[Editor’s Note: The following contains spoilers for “Yellowstone” Season 1, Episode 1: “Daybreak.”]
Writing and directing the entire season of “Yellowstone” wasn’t always the plan for Taylor Sheridan. When plans to bring in other people in both roles for Season 1 of the Paramount Network series fell through, Sheridan says that being behind the camera for all 10 episodes actually alleviated some of the standard stylistic pressures of a TV show’s first episode.
“A lot of times in TV, you build a world with a pilot and then you try and replicate that world. But since I was the producer and the director and the writer, I didn’t have to hold myself to what I had done,” Sheridan told IndieWire. “It allowed me to make changes visually as the thing evolved, that hopefully make it feel fresh and unexpected. So I think that was probably the best benefit of it, looking back.”
The point it evolves from, the first scene of the episode, is a jarring opening to a show juggling beauty and pain. A highway horse trailer collision leading to a mercy killing is an idea that came very early on in Sheridan’s conception of the show.
“It was the first scene I wrote. And I went from there,” Sheridan said. “I wanted to find a way to show the beauty and the violence and the connection and the visceral realities of moving out west, and I wanted to put it in a very concise moment and I felt that that encapsulated all those.”
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Along with the heavy lifting of introducing an entire family, this premiere episode closes with a surprising development: the murder of Lee Dutton (Dave Annable). Looking for a way to subvert audiences’ expectations, Sheridan wanted to frame the show’s opening around acquainting viewers with these characters, all while establishing the possibility that any of them could go anywhere once it ended.
“You want to do things that let an audience feel like you can’t pinpoint the consequences. Not to say that no one’s safe but that it’s as real a world as you can imagine,” Sheridan said. “The hope was that you lay out this world and you think of the first episode almost like a prologue. That’s how I approached it, with the intention of creating a world that felt complete but also made you wonder like, ‘What in the world’s going to happen next?!'”
That looming sense of death is part of a genre tradition that “Yellowstone” now enters. Sheridan says he wanted to embrace some of the distinct elements of Westerns, while adapting the genre to this new framework.
“I was making a modern-day Western, but I also wanted it to feel like a true Western where you have all the tropes that we’re used to — the shootouts on Main Street, etc.,” Sheridan said. “How can I do that and yet not feel reductive, still feel there’s real consequences within this world? So it was a challenge. It’s a delicate balance to try and walk and hopefully, we achieved it.”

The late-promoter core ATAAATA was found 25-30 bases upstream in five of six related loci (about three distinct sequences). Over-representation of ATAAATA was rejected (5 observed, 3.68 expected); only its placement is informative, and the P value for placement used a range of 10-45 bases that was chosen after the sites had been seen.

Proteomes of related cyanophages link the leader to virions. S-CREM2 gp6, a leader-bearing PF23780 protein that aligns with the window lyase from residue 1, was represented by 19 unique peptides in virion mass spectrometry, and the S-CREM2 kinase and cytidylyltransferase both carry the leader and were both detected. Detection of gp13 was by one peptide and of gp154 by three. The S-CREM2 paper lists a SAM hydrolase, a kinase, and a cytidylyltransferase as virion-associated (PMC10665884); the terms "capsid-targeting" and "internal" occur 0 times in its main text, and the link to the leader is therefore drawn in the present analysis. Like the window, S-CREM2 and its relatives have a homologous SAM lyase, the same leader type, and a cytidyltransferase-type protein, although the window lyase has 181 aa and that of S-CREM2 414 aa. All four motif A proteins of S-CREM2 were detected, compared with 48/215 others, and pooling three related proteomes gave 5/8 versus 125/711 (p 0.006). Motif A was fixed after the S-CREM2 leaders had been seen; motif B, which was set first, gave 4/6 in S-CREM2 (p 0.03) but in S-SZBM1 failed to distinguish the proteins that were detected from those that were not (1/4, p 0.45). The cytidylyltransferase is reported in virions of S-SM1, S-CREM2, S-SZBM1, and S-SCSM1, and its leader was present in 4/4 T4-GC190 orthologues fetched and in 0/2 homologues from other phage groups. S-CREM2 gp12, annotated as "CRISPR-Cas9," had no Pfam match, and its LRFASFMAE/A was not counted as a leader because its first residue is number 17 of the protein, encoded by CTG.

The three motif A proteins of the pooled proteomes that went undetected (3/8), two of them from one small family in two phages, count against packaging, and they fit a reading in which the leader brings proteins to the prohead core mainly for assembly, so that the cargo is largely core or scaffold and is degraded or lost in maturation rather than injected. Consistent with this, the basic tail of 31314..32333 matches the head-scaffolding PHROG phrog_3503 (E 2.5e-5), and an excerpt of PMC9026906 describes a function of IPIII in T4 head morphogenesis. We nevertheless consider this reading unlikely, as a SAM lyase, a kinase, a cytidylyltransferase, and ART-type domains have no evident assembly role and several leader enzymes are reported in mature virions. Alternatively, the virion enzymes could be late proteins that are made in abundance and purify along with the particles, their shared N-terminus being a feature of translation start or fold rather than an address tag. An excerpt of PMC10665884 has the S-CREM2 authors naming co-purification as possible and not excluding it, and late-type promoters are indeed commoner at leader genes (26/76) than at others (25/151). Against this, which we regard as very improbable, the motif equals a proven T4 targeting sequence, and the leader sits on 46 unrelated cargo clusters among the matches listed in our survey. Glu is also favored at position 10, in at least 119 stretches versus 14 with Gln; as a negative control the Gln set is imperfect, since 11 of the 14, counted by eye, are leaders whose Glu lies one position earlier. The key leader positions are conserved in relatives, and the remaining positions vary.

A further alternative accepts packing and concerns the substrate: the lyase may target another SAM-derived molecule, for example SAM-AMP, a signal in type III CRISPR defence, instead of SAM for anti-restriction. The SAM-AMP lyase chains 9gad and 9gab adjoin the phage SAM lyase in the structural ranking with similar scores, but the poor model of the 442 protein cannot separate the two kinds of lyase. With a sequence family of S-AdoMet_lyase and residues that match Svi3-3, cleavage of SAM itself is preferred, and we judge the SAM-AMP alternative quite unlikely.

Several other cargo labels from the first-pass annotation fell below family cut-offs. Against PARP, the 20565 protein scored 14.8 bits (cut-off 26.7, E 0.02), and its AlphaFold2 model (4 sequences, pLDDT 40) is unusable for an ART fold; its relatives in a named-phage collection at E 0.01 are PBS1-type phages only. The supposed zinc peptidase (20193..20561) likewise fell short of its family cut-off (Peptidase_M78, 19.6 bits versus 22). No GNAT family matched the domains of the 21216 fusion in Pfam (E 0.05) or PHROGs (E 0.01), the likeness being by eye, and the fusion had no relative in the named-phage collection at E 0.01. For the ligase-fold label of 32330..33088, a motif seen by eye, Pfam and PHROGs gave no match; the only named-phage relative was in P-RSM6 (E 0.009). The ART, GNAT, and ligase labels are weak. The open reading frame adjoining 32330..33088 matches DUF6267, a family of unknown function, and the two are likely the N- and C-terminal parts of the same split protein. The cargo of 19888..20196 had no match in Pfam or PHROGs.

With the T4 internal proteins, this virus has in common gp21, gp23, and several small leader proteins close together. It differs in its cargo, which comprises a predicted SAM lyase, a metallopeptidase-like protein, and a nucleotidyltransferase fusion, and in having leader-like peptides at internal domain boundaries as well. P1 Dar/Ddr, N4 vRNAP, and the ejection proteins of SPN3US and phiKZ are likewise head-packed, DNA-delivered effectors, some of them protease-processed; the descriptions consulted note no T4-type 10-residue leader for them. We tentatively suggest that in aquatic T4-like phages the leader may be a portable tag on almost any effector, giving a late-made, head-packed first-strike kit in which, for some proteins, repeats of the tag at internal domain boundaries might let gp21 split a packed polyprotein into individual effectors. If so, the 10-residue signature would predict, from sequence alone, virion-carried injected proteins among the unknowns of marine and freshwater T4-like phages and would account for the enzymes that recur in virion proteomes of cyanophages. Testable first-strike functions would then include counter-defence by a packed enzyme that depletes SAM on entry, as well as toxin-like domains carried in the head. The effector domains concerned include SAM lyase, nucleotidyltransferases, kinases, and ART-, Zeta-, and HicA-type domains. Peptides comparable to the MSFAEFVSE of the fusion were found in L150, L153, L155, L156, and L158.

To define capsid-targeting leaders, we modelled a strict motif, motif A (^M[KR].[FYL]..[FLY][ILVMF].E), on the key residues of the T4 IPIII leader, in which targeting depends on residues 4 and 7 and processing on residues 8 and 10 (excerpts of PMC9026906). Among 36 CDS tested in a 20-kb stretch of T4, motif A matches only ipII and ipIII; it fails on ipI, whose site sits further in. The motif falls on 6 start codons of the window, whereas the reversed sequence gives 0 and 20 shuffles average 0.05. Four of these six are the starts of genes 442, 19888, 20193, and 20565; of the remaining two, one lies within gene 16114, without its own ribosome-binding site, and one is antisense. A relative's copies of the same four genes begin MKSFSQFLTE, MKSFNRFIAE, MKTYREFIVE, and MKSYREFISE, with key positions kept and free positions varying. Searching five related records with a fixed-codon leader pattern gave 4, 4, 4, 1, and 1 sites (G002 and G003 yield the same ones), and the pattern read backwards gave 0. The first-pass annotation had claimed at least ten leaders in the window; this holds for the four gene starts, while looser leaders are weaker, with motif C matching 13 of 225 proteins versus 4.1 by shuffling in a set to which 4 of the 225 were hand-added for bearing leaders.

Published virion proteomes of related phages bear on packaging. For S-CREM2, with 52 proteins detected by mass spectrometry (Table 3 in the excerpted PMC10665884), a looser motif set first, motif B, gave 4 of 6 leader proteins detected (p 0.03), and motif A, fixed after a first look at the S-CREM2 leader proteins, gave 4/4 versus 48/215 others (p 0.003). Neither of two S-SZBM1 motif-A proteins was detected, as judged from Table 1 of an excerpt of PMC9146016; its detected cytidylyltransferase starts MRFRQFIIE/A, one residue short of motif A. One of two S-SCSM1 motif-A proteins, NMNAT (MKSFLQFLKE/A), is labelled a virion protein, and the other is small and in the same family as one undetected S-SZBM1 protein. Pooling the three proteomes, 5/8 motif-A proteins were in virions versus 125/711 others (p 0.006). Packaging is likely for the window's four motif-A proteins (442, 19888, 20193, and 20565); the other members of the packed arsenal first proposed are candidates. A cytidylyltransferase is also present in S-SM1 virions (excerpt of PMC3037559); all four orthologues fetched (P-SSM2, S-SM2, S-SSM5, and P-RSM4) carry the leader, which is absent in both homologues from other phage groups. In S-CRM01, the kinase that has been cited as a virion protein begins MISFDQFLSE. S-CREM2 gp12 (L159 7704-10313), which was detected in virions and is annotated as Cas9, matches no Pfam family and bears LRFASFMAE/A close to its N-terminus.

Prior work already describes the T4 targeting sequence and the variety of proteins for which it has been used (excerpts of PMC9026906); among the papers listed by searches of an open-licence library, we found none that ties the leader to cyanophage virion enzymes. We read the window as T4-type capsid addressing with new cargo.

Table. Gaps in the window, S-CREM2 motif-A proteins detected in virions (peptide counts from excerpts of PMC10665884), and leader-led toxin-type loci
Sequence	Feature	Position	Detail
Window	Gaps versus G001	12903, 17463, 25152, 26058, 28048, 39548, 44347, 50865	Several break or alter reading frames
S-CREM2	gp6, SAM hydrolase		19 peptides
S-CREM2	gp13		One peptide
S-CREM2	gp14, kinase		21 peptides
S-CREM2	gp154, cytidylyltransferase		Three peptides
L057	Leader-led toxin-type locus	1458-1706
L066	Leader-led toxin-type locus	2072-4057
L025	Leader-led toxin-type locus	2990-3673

One of those tropes is featuring extensive sequences with animals, including the many sequences on horseback and the stallion scenes in the premiere. This will not be the only “Yellowstone” episode with some pivotal non-human characters, a storytelling choice that always presents its own unique challenge.
“Horses don’t hit marks and neither do bucking bulls. So you have to shoot the scene and then you have to make a documentary about whatever the animal is going to do and let them do what they want to do,” Sheridan said. “You don’t want to force anything. There’s a certain chaos to it that’s really exciting as a filmmaker because you just don’t know what’s going to happen next.”
The relationship between Thomas Rainwater (Gil Birmingham) and John Dutton (Kevin Costner) will come to be one of the centerpieces of the show going forward. With the fallout from Lee’s murder, tensions between their respective families and communities are a vital part of “Yellowstone.” Along with that element of the show, Sheridan wanted to make sure that the music of the series also reflected its diverse perspectives.
“There’s a song in there by Joey Stylez and one from a band called Blackkiss — Pete Sands — and they’re both really, really gifted Native American artists,” Sheridan said. “It’s an opportunity to give a stage to some voices that people haven’t heard. I love finding new music. It’s part of it. And so it’s exciting to me to go try and find these artists who people may not be as familiar with and use their music to help tell the story.”
Though the production was able to block-shoot the series’ first three episodes, “Yellowstone” is still a show unfolding week to week. Although he brought much of his feature filmmaking experience to the project, Sheridan hopes there’s enough in this prologue to get people invested in where the series goes from here.
“I hope that the experience feels really fresh and cinematic and like a movie made for people who are sitting at home. That was the goal,” Sheridan said. “So I hope that the scope of it and the energy and the emotion and the incredible talent of the cast, hopefully, they really leap from the screen and we have an impression that make people want to come back for more.”
“Yellowstone” airs Wednesdays at 10 p.m. on the Paramount Network.